This seminar on the work and life of Virginia Woolf uses the city of London to deepen and make concrete an understanding of this extraordinary author’s body of work.

Participants will have access to all of the most important literary sites related to Woolf’s life and be able to see up close the enormous impact of London and its environs on Woolf’s work.

The seminar will examine the ways that the city of London and its adjacent countryside come together in Woolf’s complex vision of the English nation, its elaborate class hierarchy, and its storied history. Woolf herself believed that London was “the center of life itself,” and this seminar seeks to illustrate how integral this belief is to an understanding of her literary geography.

In addition to in class discussions, there will be walking tours to key London locations as well as excursions to Monk’s House, Charleston Farmhouse, Knole and Sissinghurst. Students will also participate in a hands-on art project in the studio of Cressida Bell, the great-niece of Virginia Woolf who specializes in textile and interior design.

The program is directed by Professor Jane Garrity, an expert on British modernism in literature with research focusing in modernism and empire, gender and sexuality studies, and cultural studies. She will select program participants, lead a pre-program orientation, lead the course while abroad, and act as resident director in London.

Application deadline is March 1, 2016. Learn more about this global seminar, academic credits, housing, costs, and extracurricular activities at studyabroad.colorado.edu.

For more information about teaching, learning and traveling in England, see these links:

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woolf course

Can it get any more exciting than this? Literature Cambridge is offering a summer course on Virginia Woolf this July.

Here is the information that Trudi Tate, Director of Literature, Cambridge, and a lecturer at the summer course, sent Blogging Woolf, along with fee details I copied from the website:

Summer Course: Virginia Woolf in Cambridge, 18-22 July 2016

Literature Cambridge offers specialised summer courses in the beautiful university city of Cambridge. In 2016, our special author course is on Virginia Woolf. This is a rare opportunity to immerse yourself for five full days in Woolf’s writings and her context.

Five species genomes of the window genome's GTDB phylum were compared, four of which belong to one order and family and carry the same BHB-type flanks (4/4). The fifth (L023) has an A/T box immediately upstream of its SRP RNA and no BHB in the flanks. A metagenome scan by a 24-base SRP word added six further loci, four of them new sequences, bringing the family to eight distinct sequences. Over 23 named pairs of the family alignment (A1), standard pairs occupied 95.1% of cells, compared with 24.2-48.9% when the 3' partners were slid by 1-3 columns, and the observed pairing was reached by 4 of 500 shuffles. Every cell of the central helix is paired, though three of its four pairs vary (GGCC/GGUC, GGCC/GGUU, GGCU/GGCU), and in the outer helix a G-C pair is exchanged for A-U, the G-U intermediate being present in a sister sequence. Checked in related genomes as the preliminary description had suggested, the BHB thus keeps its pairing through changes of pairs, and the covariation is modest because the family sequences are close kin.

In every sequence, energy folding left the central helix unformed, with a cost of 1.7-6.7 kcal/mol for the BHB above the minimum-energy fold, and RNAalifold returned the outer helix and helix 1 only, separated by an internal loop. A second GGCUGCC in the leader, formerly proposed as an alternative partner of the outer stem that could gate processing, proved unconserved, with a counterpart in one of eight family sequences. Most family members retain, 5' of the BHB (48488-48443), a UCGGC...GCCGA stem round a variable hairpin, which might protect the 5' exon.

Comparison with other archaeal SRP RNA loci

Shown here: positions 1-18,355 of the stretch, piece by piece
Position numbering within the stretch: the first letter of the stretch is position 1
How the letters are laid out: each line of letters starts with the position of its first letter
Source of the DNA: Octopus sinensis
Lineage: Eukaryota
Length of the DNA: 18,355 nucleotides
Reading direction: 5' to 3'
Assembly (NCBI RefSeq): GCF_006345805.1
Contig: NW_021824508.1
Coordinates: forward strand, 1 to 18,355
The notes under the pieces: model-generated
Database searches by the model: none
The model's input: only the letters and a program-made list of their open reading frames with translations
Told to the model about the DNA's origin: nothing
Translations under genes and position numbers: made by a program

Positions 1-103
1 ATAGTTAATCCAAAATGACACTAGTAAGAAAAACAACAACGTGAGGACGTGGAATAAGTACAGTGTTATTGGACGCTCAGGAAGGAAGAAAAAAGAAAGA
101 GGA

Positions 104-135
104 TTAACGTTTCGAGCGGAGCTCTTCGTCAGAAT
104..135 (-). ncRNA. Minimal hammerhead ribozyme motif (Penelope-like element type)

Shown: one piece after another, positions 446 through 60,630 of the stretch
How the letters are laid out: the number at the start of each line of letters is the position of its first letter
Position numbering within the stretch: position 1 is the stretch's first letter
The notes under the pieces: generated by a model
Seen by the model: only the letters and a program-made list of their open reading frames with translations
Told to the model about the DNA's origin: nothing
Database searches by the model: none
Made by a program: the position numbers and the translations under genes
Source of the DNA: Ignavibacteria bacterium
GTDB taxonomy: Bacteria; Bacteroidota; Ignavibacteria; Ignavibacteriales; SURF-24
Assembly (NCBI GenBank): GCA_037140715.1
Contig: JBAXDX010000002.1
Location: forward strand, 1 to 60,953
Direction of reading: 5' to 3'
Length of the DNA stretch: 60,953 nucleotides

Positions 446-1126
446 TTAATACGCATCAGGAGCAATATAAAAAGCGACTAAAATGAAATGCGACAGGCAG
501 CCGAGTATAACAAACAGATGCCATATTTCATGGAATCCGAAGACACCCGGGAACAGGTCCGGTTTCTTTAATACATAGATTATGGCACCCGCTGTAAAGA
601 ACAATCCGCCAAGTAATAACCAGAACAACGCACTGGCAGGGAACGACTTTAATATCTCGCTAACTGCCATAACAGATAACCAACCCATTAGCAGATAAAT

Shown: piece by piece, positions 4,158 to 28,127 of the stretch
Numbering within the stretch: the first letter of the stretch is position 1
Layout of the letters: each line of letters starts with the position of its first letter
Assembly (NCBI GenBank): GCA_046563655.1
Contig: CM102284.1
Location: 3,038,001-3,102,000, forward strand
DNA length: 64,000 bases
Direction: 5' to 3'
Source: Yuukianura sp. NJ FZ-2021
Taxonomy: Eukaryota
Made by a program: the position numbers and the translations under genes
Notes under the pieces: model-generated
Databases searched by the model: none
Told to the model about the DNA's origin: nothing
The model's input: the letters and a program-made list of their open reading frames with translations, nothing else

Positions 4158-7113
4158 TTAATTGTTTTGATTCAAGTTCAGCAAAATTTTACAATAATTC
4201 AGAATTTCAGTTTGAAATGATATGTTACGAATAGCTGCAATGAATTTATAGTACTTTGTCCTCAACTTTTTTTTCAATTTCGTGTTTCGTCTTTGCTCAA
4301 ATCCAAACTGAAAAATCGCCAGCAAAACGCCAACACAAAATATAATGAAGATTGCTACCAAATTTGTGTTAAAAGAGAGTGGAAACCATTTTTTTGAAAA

Each day we will have an expert lecture, followed by questions and discussion. On four days, there will be a Cambridge-style supervision. Students work in pairs, discussing the text of the day for an hour with an experienced Cambridge supervisor.

Susan Sellers will be a lecturer at the Cambridge summer course.

Susan Sellers, author of Vanessa and Virginia (2009), is one of several lecturers at this summer’s Literature Cambridge course.

There will be guided excursions to places of interest, including Girton and Newnham Colleges (where Woolf gave talks that became A Room of One’s Own), Grantchester (where Woolf met Rupert Brooke), and Bloomsbury in London.

In the evenings there will be literary readings or talks, as well as time to read further, explore Cambridge, and to reflect.

In 2016, we will be based in Homerton College, a lovely Victorian campus with beautiful large gardens, 10 minutes by bus from the city centre. Students live, take classes and take most of their meals in college, with opportunities to explore the rest of Cambridge. (It is also possible to come as a non-residential student: see the website.)

There are no prerequisites, but students must be over 18. At present we do not have the capacity to offer undergraduate credits, but we will explore this for 2017 and beyond if there is a demand.

I am really delighted to offer this unique opportunity to study Woolf in depth in the company of Woolfians from all over the world – teachers, students, scholars, and ‘common readers’. We are all her common readers and I look forward to working with you.

Fees

The course fee of £875, covers lectures, supervisions, course materials, excursions and talks. The residential fee of £570, includes six nights bed and breakfast (ensuite), four evening meals, plus one formal dinner. Non-residential students are welcome; evening meals and formal dinner may be paid for separately if desired.

An early bird discount of 5% will be offered for those booking by 15 January 2016.

More details

For more information, email info@literaturecambridge.co.uk

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Alice Lowe, a freelance writer and an independent Woolf scholar, will present a two-week Woolf workshop at San Diego State University titled “Don’t Be Afraid of Virginia Woolf.”

Lowe, a contributor to Blogging Woolf, has had two monographs published by Cecil Woolf Publishers in London: Virginia Woolf as Memoirist: ‘I am made and remade continually’ in 2015 and Beyond the Icon: Virginia Woolf in Contemporary Fiction in 2010. She has also published papers and reviews in Woolf Society publications and selected papers from Woolf conferences.

In addition, more than 40 of her personal essays have appeared in print and online literary journals over the past five years. She is an SDSU alumna.

For more information, call 619-594-5152 or visit neverstoplearning.net/osher

lowe flyer